“We are here, we are ready, but at the moment we are still working in this 1a priority group,” said Lippert.
The first people to start the two-shot series of vaccinations were hospital workers who worked directly with COVID-19 units, then those who provided patient services or handled infectious materials. The third tier of the first priority group is healthcare workers in other sectors such as dermatologists, undertakers, dental offices, home health facilities, pharmacies and medical waste handlers. Employees and residents of group homes also belong to this third level of the first group.
“We have to end our 1a priority group before we can look at this next phase,” said Lippert.
According to Minnesota Department of Health data As of Tuesday, 1,570 people in Kandiyohi County received at least one dose of the vaccine. Healthcare workers who work in Kandiyohi County but live in another county count towards their county’s total vaccination.
Lippert said how quickly a county gets to the first priority group depends on how many people are in that group and how much vaccine the county has. How many vaccines a county receives depends on the adult population, not how many people are in a priority group.
“We in Kandiyohi County have a lot of people in this 1a priority group. We’ll need more weeks and more vaccines,” said Lippert. “There is disagreement with the districts and local public health, which is putting vaccines in priority groups.”
Recently, the Centers for Disease Control and Prevention recommended expanding the pool of eligible individuals who can receive the vaccination to include anyone over the age of 65 and anyone between the ages of 16 and 65 with underlying health conditions at the national level. Minnesota hopes to have shots soon for those 75-year-olds and older, as well as teachers and childcare workers. If the state followed the new CDC recommendations, it would put approximately 2.2 million people on the waiting list. Lippert reported that the state only receives about 60,000 doses of vaccine a week and that each person needs two shots.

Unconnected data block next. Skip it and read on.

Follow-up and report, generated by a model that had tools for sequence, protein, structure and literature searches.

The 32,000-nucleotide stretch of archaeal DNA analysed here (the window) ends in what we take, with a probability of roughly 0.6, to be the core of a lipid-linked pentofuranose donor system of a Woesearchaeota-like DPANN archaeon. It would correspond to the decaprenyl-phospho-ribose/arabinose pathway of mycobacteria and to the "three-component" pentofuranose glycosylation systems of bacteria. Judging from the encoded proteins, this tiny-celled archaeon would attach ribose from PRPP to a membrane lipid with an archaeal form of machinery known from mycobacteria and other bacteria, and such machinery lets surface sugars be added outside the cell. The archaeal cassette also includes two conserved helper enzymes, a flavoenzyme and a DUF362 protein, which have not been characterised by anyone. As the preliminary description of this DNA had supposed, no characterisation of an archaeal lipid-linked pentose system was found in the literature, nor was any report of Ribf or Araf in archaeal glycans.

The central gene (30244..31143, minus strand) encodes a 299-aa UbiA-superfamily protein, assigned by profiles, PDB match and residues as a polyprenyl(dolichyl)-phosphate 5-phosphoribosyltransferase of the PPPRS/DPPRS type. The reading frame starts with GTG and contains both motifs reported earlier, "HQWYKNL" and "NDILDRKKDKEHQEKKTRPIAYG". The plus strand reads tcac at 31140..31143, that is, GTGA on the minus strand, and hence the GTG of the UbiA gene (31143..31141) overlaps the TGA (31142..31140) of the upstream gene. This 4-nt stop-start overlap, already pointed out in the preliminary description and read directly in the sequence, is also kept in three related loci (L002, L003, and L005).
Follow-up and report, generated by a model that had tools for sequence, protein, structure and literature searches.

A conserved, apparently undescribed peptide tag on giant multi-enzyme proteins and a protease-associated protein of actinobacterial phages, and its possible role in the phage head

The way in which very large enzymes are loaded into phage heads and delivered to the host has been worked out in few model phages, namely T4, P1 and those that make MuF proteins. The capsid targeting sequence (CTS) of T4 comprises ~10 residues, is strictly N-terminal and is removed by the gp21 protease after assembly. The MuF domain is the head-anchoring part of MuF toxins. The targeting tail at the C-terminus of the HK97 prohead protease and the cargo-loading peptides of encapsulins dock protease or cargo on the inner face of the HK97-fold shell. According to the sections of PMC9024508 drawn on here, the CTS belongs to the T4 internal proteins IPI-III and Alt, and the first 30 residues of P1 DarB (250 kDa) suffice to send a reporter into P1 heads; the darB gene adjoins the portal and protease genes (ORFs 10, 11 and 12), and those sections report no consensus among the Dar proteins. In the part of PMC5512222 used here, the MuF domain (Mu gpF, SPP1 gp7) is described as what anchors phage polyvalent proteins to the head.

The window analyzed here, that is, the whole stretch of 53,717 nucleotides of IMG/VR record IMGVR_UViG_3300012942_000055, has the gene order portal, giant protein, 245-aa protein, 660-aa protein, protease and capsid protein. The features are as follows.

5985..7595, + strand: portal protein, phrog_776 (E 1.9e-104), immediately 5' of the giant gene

“We still have a long way to go before we can reach the general public to get vaccinated,” said Lippert.
When vaccinations become available to the general public, Kandiyohi County Public Health Will be ready.
“We have employees available, we have locations, locations and plans. We have volunteers and we have community partners who we can ask for help when we are on site to conduct mass vaccinations,” said Lippert.
To date, there is no waiting list in Kandiyohi County for people who want vaccinations. When the time comes, Public Health, together with Carris Health, will notify the public for the time being.
“Just watch out for communication in our office when more vaccines are available,” Lippert said.
Centra Care / Carris Health said in a press release on Tuesday that the focus is on vaccinating health workers in Kandiyohi County.
“We rely on limited vaccine supplies and an indefinite allocation number,” said Carris Health’s press release.
Carris Health is not currently planning any vaccination for people in the Phase 1b group.
“We have plans to keep vaccinating and expand our vaccinations when more vaccines become available,” said Dr. Jill Amsberry, Pediatrician at CentraCare and part of the CentraCare COVID-19 vaccine planning team.
For related stories see Coronavirus.